LSE/TMX – a defensive merger? | FT Alphaville

LSE/TMX – a defensive merger?

The London Stock Exchange does not have a great track record of consummating deals (remember the proposed Deutsche Borse transaction of the 2001?) or grabbing big strategic opportunities.

So will its’s proposed merger with TMX Group, Canada’s largest exchange company, go the way of Northern Foods/Greencore or British Airways/Iberia?

The first thing to say about this deal is it’s not about growth – it looks very defensive. Perhaps an admission on the part of LSE boss Xavier Rolet that he hasn’t been able to deal with the issues left by the previous management team, or with the fast pace of change in the exchanges world. Or perhaps its an admission that he needs more time to deal with these problems and a tie-up with the Candaians gives him that.

Sure, a combined LSE/TMX will be a bigger, more powerful listing venue (it will be the world’s largest exchange by the number of companies traded) but it’s not hugely compelling in terms of growth opportunities, according to Citigroup.

TMX businesses include Toronto Stock Exchange, TSX Venture Exchange, Montreal Exchange, Natural Gas Exchange, Boston Options Exchange (BOX), Shorcan, Equicom. BOX looks to be most compatible with LSE’s previously stated growth strategy in derivatives, but we estimate it has only 3% market share in US Equity Options.

Furthermore, by merging with TMX, the self styled ‘world’s leading resources market’,  the LSE is dramatically increasing its exposure to mining and oil stocks. We hardly need to say that some people think this is a dangerous bubble.

That said, there are potentially big revenue and cost savings to be extracted by bringing together the two exchanges — although there are well below those seen in recent deals, notes Olivetree Securities.

Cost synergies are expected to be CAD56mm per annum by end of year 2, some 9.7% of TMX sales. This should be compared with the 18% targeted when Euronext and NYSE merged, and the 17% when OMX and Nasdaq proposed a merger, both in 2007. Post-tax, the LSE share of these cost synergies could add as much 8% to the LSE shareprice today.

But importantly, they should be achievable even with a board of 15 and plans to maintain HQ’s in London, Milan, Toronto, Montreal, Calgary and Vancouver.

At pixel time, shares in the LSE were trading 8 per cent higher at 964p.

Less certain are the £100m revenue of synergies, which the LSE and TMX hope to extract within five years. To put that figure in perspective its equal to 16 per cent of LSE revenue, says Numis Securities.

Detail here is very limited with the only revenue synergies they specifically mention being facilitation of cross-listings and admissions for customers. We are very sceptical of this level of synergy being achieved without any real detail being provided. Should these synergies be achieved they would equate to a huge 56% of the underlying profit reported by the LSE last year. The LSE shareholders will own 55% of the combined group with the LSE contributing 66% of the combined profit. A clear strong Buy if you believe the £100m of revenue synergies can be achieved.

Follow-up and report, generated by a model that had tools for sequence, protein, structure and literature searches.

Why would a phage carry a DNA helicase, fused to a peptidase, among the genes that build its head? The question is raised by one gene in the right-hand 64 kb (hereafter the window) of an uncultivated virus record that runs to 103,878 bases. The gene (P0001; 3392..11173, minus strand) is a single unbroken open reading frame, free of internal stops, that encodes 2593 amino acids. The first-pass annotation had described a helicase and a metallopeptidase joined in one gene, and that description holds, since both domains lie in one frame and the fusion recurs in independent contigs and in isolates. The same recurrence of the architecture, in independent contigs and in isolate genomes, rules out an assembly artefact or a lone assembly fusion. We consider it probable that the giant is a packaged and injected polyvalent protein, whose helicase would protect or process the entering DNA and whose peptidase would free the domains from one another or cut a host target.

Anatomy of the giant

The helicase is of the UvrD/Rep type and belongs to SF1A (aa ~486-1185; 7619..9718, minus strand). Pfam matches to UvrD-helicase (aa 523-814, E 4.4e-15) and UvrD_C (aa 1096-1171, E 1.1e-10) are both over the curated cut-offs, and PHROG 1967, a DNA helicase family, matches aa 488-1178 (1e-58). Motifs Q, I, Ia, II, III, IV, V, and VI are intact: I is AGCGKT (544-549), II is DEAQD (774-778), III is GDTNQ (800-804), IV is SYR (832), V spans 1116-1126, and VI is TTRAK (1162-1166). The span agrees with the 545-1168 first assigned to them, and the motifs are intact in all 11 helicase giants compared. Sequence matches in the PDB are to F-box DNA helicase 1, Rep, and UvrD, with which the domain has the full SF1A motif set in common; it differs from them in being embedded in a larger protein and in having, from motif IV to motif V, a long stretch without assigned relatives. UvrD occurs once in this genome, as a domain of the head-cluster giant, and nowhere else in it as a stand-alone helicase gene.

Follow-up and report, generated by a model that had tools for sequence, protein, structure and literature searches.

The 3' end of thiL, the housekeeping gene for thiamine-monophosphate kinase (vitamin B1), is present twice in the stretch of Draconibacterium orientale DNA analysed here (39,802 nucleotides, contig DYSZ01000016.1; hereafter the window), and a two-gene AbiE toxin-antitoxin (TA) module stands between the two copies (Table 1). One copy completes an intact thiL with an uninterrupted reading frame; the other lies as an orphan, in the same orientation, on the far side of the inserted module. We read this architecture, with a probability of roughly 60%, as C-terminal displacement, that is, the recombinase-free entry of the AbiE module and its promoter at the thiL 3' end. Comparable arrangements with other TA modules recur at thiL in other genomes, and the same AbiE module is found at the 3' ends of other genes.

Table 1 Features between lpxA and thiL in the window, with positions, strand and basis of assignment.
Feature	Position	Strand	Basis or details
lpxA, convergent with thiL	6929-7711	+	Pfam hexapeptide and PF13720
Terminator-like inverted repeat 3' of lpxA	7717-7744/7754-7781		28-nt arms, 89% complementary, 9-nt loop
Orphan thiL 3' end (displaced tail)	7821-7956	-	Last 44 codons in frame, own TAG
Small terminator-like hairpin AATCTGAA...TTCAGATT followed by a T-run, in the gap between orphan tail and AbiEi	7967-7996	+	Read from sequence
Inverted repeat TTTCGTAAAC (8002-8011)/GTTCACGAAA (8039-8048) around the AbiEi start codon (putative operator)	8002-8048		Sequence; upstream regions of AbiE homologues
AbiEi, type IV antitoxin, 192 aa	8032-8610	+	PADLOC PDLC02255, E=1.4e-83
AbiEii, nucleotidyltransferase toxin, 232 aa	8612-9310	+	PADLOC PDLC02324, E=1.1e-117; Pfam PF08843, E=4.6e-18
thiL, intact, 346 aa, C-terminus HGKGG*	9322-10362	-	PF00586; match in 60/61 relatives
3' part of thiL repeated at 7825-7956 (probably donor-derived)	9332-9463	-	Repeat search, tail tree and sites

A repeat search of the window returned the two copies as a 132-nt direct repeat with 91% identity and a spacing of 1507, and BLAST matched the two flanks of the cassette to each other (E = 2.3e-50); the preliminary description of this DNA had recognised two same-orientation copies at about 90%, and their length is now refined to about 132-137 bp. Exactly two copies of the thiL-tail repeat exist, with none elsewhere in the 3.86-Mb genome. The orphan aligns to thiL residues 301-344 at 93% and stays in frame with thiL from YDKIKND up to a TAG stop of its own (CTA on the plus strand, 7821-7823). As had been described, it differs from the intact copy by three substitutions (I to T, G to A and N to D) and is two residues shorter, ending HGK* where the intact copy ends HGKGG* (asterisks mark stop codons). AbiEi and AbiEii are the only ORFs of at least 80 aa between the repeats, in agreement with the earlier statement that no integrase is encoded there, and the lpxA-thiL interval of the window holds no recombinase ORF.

But they can they? We just don’t know and today’s share price action suggests the market is very sceptical. Only the cost savings are being factored in at this time.

So what are the chances of a counter-bid?

Certainly both the LSE and TMX are now in play. But it’s difficult to see who might buy them. Most of the big Western exchanges would have regulatory issues buying either exchange, which means any interloper will have to come from Asia.

And the chances of that happening are slim, reckons Olivetree.

There will be talk of potential interlopers, but we think chances are slim, we are somewhat reliant on a conservative Asian entity making an aggressive move – one of the larger Western players would find it very tough to buy LSE from a regulatory perspective. This deal is likely to proceed as planned, and despite the synergies brought to LSE shareholders, there is a distinct value shift towards TMX shareholders – reflecting the need the LSE has shown for some time to do a meaningful sized deal.

“The need to do a meaningful sized deal”.

Ah… that brings us all the way back to the legacy of Dame Clara Furse, who failed to buy Liffe and then failed to sell the LSE to either OMX or Nasdaq.

Update: 09:51am (GMT).
There is quite a large short position in LSE. According to Data Explorers 12.7 per cent of share capital is on loan. Based on average daily volume that would take 63 days to cover! Utilisation – the amount of stock available to borrow out on loan – is 21 per cent.

Update: 10:02am (GMT).
We forgot to add a line about regulatory clearance, something the wires have made a lot of following the BHP/Potash debacle.

The message is don’t worry say Olivetree:

From a regulatory perspective, this transaction will require approval from 66% of TMX shareholders, from 50% of LSE shareholders and also will need to be approved under the Investment Canada Act. Unlike recent precedents, the latter should be a formality given the Canadian identity is being preserved (through listing and headquarters). It will also need FSA and US approvals. It is expected that the shareholder meetings will take place in Q2 2011, with the transaction closing in H2.

Related links:
LSE and Canada’s TMX agree merger – FT
LSE hopes TMX will turn its transatlantic vision into reality
– FT
Quick View: Why the LSE and TMX are getting together – FT Trading Room